• If you are removing the waste yourself, you must be a registered waste carrier- registration can be carried out here. When a waste collector is transporting your site waste, you must check they have a waste carrier’s licence from the EA.
  • You must also check that the end destination site any waste is taken to is permitted to accept it and has the right authorisations in place. Keep a record of any waste that leaves your site by completing a waste transfer note or a consignment note for hazardous waste which record what and how much waste you have handed over and where it is going.

Waste management industry must adhere to export controls

  • Contaminated C&D waste plastic - including low-density polyethylene (LDPE) wrap and film - must be exported with prior consent from the EA as well as competent authorities in transit and destination countries.
  • Those involved in the export of such waste must ensure that it meets the requirements set under the relevant export controls, such as being almost free-from contamination; the destination sites are appropriately licensed to receive and treat the waste; and waste is correctly managed once received.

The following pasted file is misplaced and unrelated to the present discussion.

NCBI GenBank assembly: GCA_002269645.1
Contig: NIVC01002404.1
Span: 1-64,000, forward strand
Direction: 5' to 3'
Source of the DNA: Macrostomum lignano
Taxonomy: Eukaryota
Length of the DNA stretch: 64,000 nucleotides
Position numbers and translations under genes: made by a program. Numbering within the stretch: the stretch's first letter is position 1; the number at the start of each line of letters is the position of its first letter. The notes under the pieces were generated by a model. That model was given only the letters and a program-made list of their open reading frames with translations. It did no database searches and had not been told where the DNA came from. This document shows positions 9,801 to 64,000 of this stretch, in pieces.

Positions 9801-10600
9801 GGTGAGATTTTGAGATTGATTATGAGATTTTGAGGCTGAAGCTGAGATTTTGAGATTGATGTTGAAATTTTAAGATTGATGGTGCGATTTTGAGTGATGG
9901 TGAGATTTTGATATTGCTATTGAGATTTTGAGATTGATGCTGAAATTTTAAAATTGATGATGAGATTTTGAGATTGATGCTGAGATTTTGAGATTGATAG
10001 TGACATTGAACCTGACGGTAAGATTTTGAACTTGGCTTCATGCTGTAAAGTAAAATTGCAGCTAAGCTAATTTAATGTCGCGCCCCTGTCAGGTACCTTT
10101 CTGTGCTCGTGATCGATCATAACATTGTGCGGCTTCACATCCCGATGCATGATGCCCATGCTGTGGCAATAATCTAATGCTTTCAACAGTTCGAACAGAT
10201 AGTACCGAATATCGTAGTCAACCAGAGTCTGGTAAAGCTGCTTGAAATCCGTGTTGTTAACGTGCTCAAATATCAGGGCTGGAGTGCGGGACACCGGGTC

The EA will continue to actively target those who export contaminated C&D plastic waste illegally, including any accredited packaging exporters who issue Packaging Waste Export Recovery Notes (PERNs) against such material in breach of their Conditions of Accreditation.

Businesses involved in the shipment of waste are required to take all necessary steps to ensure the waste they ship is managed in an environmentally sound manner throughout its shipment and during its recycling.

Anyone with information regarding the illegal export of waste including C&D waste plastics can contact the EA’s Illegal Waste Exports team at: [email protected] or anonymously via Crimestoppers on 0800 555 111 or via their website 

Share article